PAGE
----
CNN ousted chief executive Chris Licht after a tumultuous year leading the struggling news network that culminated in a damning magazine profile and the realization that he'd lost the confidence of the network's journalists.
The change was announced at CNN's editorial meeting Wednesday morning and came just two days after Licht said he would "fight like hell" to earn the trust of those around him.
David Zaslav, CEO of CNN parent company Warner Bros. Discovery, accepted some of the blame for the network's struggles as he appointed a four-person interim leadership team. He promised a thorough search for replacing Licht, whom he informed of the leadership change on Wednesday morning.
"This really caps a tumultuous year for CNN that has seen shrinking profits, programming mistakes and really low employee morale," CNN media reporter Oliver Darcy said on his own network Wednesday.
Licht had a mandate to try and make CNN more palatable to both sides of the country's political divide; Republicans had become increasingly suspicious of the network following repeated attacks by former President Donald Trump.
But some at the network saw Licht's mandate for change as a repudiation of their past work. A live town hall interview with Trump last month drew widespread criticism, with the former president overwhelming moderator Kaitlan Collins with several misstatements, as a pro-Trump live audience cheered him on.
Earlier in the year, Licht revamped the network's morning show, but that proved unsuccessful and led to the firing of longtime personality Don Lemon. Efforts to build a new prime-time lineup moved slowly, with Collins only recently appointed to fill a 9 p.m. hour without a permanent host since Chris Cuomo was fired in December 2021.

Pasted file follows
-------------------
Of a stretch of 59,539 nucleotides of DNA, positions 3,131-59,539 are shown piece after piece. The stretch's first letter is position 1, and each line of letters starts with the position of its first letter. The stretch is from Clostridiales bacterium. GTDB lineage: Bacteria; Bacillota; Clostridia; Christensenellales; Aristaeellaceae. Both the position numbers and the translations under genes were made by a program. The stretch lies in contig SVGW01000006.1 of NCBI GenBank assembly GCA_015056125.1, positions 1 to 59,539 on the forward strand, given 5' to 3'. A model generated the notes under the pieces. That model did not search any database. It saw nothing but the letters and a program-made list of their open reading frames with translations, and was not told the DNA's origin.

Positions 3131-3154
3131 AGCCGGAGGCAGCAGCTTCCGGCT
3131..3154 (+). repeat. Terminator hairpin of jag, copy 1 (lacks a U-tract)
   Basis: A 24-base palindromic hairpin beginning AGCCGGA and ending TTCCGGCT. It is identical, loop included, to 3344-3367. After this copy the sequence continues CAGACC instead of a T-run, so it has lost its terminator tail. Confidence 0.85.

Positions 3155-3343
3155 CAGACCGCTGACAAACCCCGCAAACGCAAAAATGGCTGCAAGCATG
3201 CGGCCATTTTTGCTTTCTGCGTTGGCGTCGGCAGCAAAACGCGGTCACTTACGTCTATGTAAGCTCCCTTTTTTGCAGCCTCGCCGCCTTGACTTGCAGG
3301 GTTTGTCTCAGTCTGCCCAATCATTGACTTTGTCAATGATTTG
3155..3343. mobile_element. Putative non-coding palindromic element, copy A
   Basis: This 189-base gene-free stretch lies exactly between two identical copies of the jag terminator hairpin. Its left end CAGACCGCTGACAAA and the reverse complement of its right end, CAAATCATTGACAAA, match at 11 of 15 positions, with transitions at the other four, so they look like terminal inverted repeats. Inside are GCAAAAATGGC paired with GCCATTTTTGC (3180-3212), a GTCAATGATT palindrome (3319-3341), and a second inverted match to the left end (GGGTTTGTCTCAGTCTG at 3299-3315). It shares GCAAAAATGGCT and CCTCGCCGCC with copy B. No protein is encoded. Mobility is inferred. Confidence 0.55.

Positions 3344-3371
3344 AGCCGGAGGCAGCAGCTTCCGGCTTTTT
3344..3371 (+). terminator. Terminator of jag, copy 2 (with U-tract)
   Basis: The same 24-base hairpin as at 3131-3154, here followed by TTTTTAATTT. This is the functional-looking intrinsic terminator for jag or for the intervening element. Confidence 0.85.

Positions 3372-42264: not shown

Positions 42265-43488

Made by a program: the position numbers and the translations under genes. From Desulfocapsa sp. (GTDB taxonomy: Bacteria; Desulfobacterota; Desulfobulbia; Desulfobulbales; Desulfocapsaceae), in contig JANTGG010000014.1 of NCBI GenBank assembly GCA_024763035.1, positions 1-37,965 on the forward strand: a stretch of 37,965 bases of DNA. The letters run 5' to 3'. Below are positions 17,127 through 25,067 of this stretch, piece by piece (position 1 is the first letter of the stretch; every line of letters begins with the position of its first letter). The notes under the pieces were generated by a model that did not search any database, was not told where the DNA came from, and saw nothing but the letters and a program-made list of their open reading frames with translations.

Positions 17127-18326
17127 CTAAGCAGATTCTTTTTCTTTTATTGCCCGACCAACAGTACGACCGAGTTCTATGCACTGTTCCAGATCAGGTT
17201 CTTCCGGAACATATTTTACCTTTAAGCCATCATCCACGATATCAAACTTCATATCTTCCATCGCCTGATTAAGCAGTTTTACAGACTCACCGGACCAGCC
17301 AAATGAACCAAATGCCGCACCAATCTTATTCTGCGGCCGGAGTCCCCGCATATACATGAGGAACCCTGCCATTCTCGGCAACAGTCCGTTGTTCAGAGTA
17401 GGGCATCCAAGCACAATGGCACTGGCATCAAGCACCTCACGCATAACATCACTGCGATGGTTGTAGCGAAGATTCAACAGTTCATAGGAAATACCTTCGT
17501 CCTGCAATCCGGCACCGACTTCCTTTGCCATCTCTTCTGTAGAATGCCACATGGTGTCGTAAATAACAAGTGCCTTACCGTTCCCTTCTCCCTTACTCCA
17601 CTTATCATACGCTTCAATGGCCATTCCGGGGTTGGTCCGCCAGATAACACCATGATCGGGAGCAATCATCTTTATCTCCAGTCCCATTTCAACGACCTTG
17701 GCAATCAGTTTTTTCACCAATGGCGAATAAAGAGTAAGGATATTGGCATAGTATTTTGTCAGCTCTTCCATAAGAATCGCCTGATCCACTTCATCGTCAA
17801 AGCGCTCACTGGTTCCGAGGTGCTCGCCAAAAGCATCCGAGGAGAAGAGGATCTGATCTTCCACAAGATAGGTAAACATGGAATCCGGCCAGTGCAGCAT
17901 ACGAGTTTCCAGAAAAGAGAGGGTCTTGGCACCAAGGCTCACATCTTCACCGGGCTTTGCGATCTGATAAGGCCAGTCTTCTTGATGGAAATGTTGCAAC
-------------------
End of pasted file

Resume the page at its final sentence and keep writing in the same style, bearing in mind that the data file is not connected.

Licht oversaw layoffs last year following Zaslav's decision to shutter the CNN+ streaming service only weeks after it had started.
Licht, who had produced MSNBC's "Morning Joe," CBS' morning news show and Stephen Colbert's late-night show, was appointed by Zaslav just over a year ago to replace an internally popular predecessor, Jeff Zucker. Zucker was fired for not revealing a consensual relationship with a fellow CNN executive.
Zaslav said in a memo to CNN staff members that the job "was never going to be easy, especially at a time of great disruption and transformation.
"Chris poured his heart and soul into it," he said. "He has a deep love for journalism and this business and that has been evident throughout his tenure. Unfortunately, things did not work out the way we had hoped — and ultimately that's on me."
Licht did not immediately return a message seeking comment.
A lengthy profile of Licht in The Atlantic magazine that came out on Friday, titled "Inside the Meltdown at CNN," proved embarrassing and likely sealed his fate. Author Tim Alberta discussed how Licht's effort to reach viewers turned off by CNN's hostility to Trump had failed and damaged his standing with CNN journalists.
In the piece, Licht talked about how some of CNN's COVID-19 coverage had been high-strung and lost touch with the country, a criticism that angered many in the newsroom.
Ultimately, Alberta could not get Zaslav to agree to an on-the-record assessment of Licht's tenure, an ominous sign.
Some of CNN's chief anchors — Jake Tapper, Anderson Cooper and Erin Burnett — had privately expressed their reservations about Licht's leadership, according to a Wall Street Journal article that was posted Tuesday evening.
Meanwhile, viewers were disappearing, a decline exacerbated by the quickening trend of consumers cutting the cord from traditional cable. CNN's prime-time viewership of 494,000 in May was down 16% from April and was less than half of its closest news rival, MSNBC.